“There’s nothing more important right now than to help facilitate the creation of more jobs,” Baylis says, noting that 75 percent to 80 percent of job growth comes from existing businesses, not from transplanted companies.

And while recruiting new companies to the Suncoast will remain part of the EDC’s mission, Baylis says she is encouraged by the possibilities that are being unearthed by economic gardening in Florida.

We asked one of the Sarasota companies that qualified for the pilot program to tell us how it’s working:

A Second-Stage Case Study

Company: Gulf Coast Signs of Sarasota

CEO: Hidayet Kutat

Year founded: 1976

(new ownership, 2003)

No. of employees: 22

Products and services: Manufactures electric

and non-illuminated interior and exterior signs

Growth rate: 5% to 10% annually

The Big Problem

The sign industry is heavily dependent on the construction industry, so as Florida’s real estate problems began escalating in 2006 and new construction plummeted, Gulf Coast Signs felt the hit. And when the company lost a $500,000 account because the client went bankrupt, Gulf Coast CEO Kutat knew he needed an improved marketing strategy to broaden his customer base. But he wasn’t sure exactly how to proceed.


Since taking over Gulf Coast Signs in 2003, Kutat had made it a high priority to practice what he called “lean business concepts” to minimize wasteful spending, while maintaining a steady workforce. No longer able to rely heavily on one major customer, Kutat knew he would have to risk spending money and trying new marketing efforts that were outside his comfort zone to diversify his customer base—yet with no promise of success.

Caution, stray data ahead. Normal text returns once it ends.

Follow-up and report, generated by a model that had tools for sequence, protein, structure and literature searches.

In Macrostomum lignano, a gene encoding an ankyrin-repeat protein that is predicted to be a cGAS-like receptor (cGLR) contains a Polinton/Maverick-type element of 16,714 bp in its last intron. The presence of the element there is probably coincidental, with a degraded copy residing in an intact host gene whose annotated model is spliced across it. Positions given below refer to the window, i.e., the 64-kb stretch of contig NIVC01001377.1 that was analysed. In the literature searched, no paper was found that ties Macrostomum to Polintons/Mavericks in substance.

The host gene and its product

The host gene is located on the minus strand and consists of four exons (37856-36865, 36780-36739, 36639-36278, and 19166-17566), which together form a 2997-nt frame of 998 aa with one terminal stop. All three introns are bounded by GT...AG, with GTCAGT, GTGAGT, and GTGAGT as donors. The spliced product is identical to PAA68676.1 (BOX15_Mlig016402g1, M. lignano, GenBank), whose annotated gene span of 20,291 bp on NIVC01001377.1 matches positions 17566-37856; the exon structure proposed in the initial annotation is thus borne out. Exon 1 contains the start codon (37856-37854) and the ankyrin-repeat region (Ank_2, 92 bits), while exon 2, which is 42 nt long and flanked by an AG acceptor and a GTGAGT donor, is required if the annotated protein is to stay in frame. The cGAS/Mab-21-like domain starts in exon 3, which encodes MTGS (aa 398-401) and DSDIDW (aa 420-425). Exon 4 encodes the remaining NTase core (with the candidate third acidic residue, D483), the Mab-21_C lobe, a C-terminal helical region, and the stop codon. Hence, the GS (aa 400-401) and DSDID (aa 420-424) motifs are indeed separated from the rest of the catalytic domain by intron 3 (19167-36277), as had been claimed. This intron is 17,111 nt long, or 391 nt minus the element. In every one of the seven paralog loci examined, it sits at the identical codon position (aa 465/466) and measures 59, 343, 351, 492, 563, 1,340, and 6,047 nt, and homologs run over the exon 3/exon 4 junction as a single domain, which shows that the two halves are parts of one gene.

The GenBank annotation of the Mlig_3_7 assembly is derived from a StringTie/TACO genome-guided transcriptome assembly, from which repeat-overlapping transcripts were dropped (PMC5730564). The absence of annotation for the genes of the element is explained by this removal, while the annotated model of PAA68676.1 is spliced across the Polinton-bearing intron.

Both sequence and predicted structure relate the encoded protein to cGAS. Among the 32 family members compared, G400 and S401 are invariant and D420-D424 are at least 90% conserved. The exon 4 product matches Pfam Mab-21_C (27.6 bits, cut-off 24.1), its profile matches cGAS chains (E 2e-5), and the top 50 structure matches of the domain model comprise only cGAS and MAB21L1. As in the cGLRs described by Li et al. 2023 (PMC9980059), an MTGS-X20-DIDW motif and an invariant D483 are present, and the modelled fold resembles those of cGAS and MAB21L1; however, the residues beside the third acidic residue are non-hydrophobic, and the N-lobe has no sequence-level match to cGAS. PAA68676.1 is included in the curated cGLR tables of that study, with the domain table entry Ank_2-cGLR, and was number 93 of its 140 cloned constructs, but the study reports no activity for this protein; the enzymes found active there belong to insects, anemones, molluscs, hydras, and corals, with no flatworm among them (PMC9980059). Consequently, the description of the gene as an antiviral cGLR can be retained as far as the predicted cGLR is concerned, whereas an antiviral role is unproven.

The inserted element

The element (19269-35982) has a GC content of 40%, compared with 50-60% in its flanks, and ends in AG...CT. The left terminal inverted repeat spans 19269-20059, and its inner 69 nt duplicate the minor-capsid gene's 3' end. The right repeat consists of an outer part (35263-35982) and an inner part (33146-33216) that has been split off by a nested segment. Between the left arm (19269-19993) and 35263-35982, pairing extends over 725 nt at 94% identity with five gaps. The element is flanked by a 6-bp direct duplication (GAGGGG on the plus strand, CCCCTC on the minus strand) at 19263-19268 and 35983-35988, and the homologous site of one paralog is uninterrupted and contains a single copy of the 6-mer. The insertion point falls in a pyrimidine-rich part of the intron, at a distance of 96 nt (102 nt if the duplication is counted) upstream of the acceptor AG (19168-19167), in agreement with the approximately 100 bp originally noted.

After sharing information and receiving advice from the Jumpstart team, which included experts in manufacturing and marketing, Kutat this year started making changes to his marketing strategy and to expand his customer base.

The Jumpstart team suggested that Kutat aggressively seek out franchised companies, with the idea that one customer could soon become many if all of a business’s franchises put up his signs A trip to a franchise expo in Miami followed, and customer leads are looking promising this spring.

“It seems like something you would just do naturally,” Kutat says of his marketing to franchises. “But the key problem for many companies is not seeing the forest for the trees. You know your own business. You know your issues. And you convince yourself that this or that isn’t for you, that certain things won’t help you.”

Having an outside objective observer who knows something about growing businesses look at your operation can help you see all that the forest has to offer, Kutat says.